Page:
NHL: Metro Division Playoff Preview
There has been quite a bit of shuffling at the top of the Metropolitan Division, with historic teams such as the New York Rangers and Philadelphia Flyers both finishing in the bottom half of the conference, and the New Jersey Devils, a playoff team a season ago, finishing with the third worst record in the NHL. Additionally, the Carolina Hurricanes, who had the NHL’s longest active playoff drought, made the playoffs for the first time since 2009. Despite all this change, some things stayed the same; the Capitals clinched their 11th playoff berth in 12 seasons, and fourth straight division title, and the Penguins will be playing past the regular season for the 12th straight year. The New York Islanders, forever considered the “little brother” to the Rangers in terms of New York hockey popularity, made a remarkable to run to having home-ice advantage in the playoffs, despite losing their captain and most productive player, John Tavares, to the Maple Leafs in free agency.
All this shifting of teams has resulted in both series in the Metropolitan Division being series that involve teams with little to no recent history, including Washington vs. Carolina, two teams that have never met in the playoffs, and New York vs. Pittsburgh, who have met only once (2013) since the early 1990s. Although the matchups are based on seeding, the reality is that all four teams are extremely close in the standings; Washington didn’t clinch the division until the 81st game of the season, and only six points separate the five playoff teams in the Metro, from Washington at 104 points to Columbus at 98 points.
Washington, coming off winning the first Stanley Cup in franchise history in 2018, has showed the same firepower they did last season. For Carolina to be able to pull off the upset, they will need to stop the lethal power play unit of John Carlson, Alex Ovechkin, T.J. Oshie, Nick Backstrom and Evgeny Kuznetsov, which they were unable to do in the regular season. Additionally, because Carolina has gone so long without a playoff berth, they have very little playoff experience, even from their statistically better players. One key player who does have valuable experience is captain Justin Williams. The former Capital has been nicknamed “Mr. Game 7” due to the 7-1 record his teams have in game 7s, and his record 14 points in those games. If Carolina is able to get solid production from Williams, as well as young stars Sebastian Aho, Nino Niederreiter and Andrei Svechnikov, they will certainly be able to slow down Washington. This combination, plus goaltender Petr Mrazek staying hot, will be the key to Carolina getting a series win. Otherwise, they will be overpowered and outmatched by Washington’s deep, proven, playoff experienced roster.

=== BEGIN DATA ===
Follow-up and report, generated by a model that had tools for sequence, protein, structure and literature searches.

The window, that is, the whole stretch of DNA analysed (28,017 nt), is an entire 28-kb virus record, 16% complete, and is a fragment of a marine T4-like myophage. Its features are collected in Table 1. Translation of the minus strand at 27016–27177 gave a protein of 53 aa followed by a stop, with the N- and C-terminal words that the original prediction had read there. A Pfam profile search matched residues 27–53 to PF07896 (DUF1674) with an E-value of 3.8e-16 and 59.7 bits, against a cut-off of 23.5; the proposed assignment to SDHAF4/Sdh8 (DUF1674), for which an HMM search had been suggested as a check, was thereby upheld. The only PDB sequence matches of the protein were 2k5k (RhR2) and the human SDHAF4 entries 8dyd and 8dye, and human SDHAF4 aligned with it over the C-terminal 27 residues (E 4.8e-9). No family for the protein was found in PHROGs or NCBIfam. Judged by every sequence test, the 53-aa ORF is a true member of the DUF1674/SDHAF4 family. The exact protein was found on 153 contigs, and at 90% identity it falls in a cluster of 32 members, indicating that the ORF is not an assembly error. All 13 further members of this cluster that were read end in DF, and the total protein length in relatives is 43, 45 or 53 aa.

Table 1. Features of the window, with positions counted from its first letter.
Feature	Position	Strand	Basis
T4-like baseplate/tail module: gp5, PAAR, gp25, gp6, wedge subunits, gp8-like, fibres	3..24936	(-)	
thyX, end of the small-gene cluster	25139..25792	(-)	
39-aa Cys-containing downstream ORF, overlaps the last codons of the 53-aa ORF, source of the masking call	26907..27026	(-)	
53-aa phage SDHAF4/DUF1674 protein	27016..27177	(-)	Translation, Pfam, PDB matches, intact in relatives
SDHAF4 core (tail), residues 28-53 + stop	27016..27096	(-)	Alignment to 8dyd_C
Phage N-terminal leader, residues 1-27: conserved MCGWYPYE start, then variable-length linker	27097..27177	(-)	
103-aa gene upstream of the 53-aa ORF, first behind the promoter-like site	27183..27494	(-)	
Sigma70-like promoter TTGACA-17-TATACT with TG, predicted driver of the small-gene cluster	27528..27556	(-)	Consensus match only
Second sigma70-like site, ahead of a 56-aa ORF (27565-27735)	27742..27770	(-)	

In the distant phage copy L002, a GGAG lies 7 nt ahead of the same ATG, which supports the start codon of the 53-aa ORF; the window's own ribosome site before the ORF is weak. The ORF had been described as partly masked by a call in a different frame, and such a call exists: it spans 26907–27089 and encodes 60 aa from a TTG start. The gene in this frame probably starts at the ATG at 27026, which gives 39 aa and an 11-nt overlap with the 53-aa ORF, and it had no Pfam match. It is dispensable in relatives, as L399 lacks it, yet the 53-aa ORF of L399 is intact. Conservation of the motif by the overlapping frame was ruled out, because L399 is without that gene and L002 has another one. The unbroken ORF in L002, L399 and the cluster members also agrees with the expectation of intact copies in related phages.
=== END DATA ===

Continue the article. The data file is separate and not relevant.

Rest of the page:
New York and Pittsburgh had a very competitive season series, with each team going 2-2, including a home win, road win and shootout win. This may not be the same Penguins team that won the Stanley Cup back-to-back seasons in 2016 and 2017, but they are still very capable of making a lengthy playoff run. With proven veterans Evgeni Malkin, Sidney Crosby, Phil Kessel and Kris Letang, as well as a supporting cast that includes Bryan Rust, Jake Guentzel and new addition Nick Bjugstad, there is depth and talent all over the Penguins roster. The Penguins success will likely come down to Matt Murray’s play, as they will be depending on him throughout the postseason. Contrary to the Penguins, the Islanders style of play does not have them relying as much on their goaltender. They will certainly need Robin Lehner to play well in
order to beat Pittsburgh, but their main firepower and the root of their success has come from the play of captain Anders Lee, 2018 Calder Trophy winner Mat Barzal, and a deep supporting cast that includes Anthony Beauvillier, Brock Nelson and Josh Bailey. The Islanders and Penguins have played very closely fought games throughout the season, and, statistically, that will likely continue into the Stanley Cup Playoffs.
Jeremy Schooler is a sophomore studying broadcast journalism and business. To contact him, email firstname.lastname@example.org.